Scotland is particularly well-placed here as Edinburgh University is a world leading centre of excellence for Geographic Information (GI) learning and CGI, which has offices in Glasgow, Edinburgh, Borders and Aberdeen runs STEM camps in schools to encourage students into careers in technology.

The strategy also aims to enable innovation by supporting Scotland’s first Geospatial Network Integrator to accelerate the development of an emerging geospatial cluster, alongside the Scottish Government and Scottish Enterprise, with a view to future rollout into other areas.

“Creating a hub for talent and capabilities in Scotland makes perfect sense as there is massive demand for these sorts of skills and with us having a strong presence here it also makes sense for us to be part of that,” said Pegg.

“The location data market is growing by around 15-20% per annum and we can use the “power of where” to help deliver better business and government outcomes.”



THE importance of the “power of where” was driven home as early as 1854 when a cholera epidemic ravaged London.

A breakthrough in containing the disease was made when one doctor began to see a pattern emerging, with the majority of the deaths concentrated round a well in the centre of the city. 

At the time it was believed that cholera was spread by a kind of miasma in the air but Dr John Snow produced a map of the cases to show it was coming from the well. His work not only saved many lives by transforming the understanding of the disease and how it could be prevented, but also showed the importance of location data.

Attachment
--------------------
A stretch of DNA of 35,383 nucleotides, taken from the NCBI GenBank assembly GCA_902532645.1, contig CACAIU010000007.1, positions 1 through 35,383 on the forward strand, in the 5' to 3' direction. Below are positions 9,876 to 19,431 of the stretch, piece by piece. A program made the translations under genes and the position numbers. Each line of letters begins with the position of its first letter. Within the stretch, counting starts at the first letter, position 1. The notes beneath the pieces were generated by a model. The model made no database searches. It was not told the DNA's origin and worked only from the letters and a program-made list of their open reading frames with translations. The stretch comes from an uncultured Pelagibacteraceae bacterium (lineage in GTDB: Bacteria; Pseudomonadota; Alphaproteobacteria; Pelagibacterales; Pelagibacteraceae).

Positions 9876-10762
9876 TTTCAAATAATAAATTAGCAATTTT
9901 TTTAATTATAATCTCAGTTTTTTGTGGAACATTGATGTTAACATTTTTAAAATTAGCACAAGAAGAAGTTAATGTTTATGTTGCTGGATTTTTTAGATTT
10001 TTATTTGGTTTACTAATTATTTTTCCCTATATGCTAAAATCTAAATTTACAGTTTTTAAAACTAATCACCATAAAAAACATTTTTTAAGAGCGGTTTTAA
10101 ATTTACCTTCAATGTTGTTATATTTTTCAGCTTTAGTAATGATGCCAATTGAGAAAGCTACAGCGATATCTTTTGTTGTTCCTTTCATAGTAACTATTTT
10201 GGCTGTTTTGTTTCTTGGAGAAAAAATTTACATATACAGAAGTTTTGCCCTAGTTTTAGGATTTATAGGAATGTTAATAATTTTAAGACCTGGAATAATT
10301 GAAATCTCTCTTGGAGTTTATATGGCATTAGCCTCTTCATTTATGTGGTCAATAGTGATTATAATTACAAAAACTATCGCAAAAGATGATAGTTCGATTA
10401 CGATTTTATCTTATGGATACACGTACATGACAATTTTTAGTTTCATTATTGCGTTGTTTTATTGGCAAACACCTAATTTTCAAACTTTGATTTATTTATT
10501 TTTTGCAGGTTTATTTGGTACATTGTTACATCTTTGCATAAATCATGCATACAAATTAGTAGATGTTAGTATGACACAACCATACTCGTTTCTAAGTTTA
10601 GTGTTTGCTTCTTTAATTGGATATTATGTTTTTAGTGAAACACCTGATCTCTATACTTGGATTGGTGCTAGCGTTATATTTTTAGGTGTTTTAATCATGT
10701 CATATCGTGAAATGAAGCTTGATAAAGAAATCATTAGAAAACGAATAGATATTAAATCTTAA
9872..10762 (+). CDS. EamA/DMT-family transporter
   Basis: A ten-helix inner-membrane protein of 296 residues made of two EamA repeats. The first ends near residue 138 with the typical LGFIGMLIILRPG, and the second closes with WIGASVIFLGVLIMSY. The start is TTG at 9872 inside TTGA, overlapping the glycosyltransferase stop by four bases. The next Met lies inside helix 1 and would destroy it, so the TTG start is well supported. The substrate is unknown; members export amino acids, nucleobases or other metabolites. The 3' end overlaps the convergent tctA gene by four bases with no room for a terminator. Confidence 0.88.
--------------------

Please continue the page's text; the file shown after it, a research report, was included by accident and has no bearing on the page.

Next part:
This kind of data is now used widely across the world and global technology company CGI is at the forefront of its use, helping both businesses and the public sector to streamline processes.

An example of this can be seen from CGI’s work locating former mine workings which has simplified house buying as people can now find out quickly online if a house is at any risk from former mining activity.

“Every day, millions of people across the UK are touching our solutions without knowing they are,” said director, consulting expert Pascal Coulon of CGI. “Location technology is not always about showing you a fancy map with dots – sometimes it is a simple document which gives you answers to specific questions generated by interrogating data sets in a very different way. 

“We try to embed this sort of technology within business applications to streamline processes and increase return. In the example of the coal reports this has offloaded the procedure to members of the public who can easily find the information, freeing up the team who used to do this to work on something of higher value. It also benefits wider society by making the conveyancing process quicker.” 

Open data as well as innovation, believes Pascal, is a key driver in growing the economy and the company encourages the best possible use of data. “Innovation is part of CGI’s DNA,” he said. “We try to make sure that we don’t lock our customers into a specific product that means they can’t make the best use of their data in the longer term.

“We try to help them to disseminate the data across the organisation so that they can get a higher business return. 

“It’s all about keeping your options open. We want to really open out access to data and bring all the stakeholders round the table. Data might be your crown jewels but don’t keep it in the corner.  

“It helps if you can share it and you will get a better return.”


This article was brought to you in association with CGI as part of our STEM campaign